Free education, not privatisation!


By Grant Coleman

In Orientation Weeks, student activists around the country are launching the campaign to stop the privatisation of higher education. The National Union of Students has called a national day of action on March 22 and numerous activist groups are building "log of claims" campaigns on their campuses.

Log of claims campaigns — which make demands on university administrations to stop or reverse cuts to courses, staff and student services — can win improvements in campus conditions and help to expose the cause of the problems: federal government funding cuts.

Resistance believes that the campaign has a lot of potential. The effects of funding cuts are obvious: overworked and underpaid staff, more student charges and declining education quality.

There is broad public sentiment in favour of public education. Even the government knows this, as was revealed in its rapid backdown after a leaked cabinet briefing paper in October outlined the next steps in privatisation. There is a general public sentiment that education is a right, not a privilege to be reserved only for those who can afford to pay.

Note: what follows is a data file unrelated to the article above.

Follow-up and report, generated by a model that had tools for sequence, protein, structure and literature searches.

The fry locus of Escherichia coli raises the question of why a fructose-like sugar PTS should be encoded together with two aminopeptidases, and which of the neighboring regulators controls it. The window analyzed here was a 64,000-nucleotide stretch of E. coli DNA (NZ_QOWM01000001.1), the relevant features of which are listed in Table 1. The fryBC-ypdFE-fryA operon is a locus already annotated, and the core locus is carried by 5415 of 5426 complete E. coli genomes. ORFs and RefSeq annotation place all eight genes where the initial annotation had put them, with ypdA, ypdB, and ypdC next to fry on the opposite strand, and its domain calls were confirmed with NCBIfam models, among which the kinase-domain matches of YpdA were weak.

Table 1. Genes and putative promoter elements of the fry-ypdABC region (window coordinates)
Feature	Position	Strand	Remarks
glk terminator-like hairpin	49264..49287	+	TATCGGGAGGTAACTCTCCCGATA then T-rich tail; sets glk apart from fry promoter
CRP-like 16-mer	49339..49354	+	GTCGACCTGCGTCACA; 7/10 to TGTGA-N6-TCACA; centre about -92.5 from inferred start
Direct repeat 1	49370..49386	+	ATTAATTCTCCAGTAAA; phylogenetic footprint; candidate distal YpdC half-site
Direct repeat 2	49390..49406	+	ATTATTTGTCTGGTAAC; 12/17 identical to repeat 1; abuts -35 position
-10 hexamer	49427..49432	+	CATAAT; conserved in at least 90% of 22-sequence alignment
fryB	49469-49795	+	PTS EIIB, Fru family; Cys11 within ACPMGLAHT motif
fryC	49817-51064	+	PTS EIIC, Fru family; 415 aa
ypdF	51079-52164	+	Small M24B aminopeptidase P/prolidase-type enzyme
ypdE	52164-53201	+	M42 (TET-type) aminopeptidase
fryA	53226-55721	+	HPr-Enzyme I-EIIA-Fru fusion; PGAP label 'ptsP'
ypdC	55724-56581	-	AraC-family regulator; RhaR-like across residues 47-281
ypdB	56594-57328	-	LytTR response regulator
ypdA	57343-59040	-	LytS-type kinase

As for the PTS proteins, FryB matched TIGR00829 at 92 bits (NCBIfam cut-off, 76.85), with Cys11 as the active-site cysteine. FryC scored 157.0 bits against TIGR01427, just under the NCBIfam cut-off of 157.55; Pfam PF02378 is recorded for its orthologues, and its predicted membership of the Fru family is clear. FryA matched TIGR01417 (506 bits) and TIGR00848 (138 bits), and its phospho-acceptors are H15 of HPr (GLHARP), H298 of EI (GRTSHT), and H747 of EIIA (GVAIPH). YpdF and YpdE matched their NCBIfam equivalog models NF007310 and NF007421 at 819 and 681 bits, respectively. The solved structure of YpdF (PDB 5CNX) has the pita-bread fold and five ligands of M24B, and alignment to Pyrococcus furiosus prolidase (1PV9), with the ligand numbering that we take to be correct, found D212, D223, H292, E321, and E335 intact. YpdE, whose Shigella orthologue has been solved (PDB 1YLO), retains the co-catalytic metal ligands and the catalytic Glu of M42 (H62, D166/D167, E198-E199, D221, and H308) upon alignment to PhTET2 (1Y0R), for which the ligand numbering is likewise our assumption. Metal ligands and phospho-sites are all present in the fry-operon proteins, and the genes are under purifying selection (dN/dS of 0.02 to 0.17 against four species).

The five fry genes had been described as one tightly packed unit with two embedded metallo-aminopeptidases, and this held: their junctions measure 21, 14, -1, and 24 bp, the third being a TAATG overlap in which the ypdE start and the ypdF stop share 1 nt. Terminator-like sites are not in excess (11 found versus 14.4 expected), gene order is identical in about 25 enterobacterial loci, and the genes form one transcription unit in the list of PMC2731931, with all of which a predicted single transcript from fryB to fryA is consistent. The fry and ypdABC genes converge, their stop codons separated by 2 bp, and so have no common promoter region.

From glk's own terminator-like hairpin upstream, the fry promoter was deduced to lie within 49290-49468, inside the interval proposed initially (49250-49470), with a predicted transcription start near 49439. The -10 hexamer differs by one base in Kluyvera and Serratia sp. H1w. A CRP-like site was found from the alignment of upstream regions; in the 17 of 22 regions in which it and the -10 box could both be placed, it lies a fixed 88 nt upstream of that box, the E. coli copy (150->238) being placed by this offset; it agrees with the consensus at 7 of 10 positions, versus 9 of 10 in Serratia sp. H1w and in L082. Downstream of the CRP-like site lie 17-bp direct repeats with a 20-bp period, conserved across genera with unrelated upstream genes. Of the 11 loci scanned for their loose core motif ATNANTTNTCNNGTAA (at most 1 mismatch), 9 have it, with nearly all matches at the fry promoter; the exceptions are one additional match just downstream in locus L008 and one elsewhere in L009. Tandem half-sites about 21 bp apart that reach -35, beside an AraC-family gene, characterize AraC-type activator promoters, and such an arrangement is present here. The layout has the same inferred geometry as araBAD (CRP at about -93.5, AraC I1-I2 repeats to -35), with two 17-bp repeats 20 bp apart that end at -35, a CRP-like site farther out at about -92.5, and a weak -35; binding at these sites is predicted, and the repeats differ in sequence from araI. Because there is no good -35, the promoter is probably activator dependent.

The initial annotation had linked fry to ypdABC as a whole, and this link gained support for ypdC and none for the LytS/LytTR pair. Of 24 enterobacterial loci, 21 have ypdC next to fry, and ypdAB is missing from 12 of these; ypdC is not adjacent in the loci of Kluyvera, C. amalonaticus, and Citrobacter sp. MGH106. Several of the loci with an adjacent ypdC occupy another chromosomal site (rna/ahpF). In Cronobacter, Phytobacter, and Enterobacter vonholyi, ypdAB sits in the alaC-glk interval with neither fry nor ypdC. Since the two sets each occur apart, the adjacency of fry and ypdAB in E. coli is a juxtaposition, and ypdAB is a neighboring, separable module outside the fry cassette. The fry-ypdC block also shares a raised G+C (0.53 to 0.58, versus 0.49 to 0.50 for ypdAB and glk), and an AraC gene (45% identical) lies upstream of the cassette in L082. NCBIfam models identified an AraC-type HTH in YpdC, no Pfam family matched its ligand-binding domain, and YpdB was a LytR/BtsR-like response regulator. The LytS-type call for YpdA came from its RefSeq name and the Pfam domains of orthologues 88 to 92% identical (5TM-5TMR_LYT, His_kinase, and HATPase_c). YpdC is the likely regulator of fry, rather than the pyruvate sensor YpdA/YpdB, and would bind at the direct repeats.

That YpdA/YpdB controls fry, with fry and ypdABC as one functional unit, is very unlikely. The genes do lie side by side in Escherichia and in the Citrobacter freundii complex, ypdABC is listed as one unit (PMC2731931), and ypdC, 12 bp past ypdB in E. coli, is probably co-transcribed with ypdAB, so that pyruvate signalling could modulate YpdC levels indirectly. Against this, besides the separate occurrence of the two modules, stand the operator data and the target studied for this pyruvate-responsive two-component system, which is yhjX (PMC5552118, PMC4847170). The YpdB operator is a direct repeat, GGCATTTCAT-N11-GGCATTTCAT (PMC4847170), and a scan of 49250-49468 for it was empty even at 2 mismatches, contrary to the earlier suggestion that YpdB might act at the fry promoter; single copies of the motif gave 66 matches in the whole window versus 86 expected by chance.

However, the two questions that arise are: Where is the money going to come from? How are we going to change government policy?

The money should come from those who profit most from higher education and skills levels: big business. A progressive income tax, and cutting defence spending, would also create a lot of extra funds for public education.

At the moment, social priorities are set by what helps business profit levels. The fight for free education is an important part of the fight for a society that puts people's needs first, not profits.

As part of a more general drive to cut public spending, successive governments have pushed a "user-pays" agenda for education. Only student protest and public sentiment have prevented user-pays from going ahead faster. Indeed, it was the pressure of public opinion and a strong student movement that prompted the Labor federal government to introduce free education in 1974.

The only way to win back free education is to convince the majority of people that it is both necessary and possible. The campaigns this year must therefore work to involve and convince as many people as possible — students and staff on the campuses, and as many others as can be reached.

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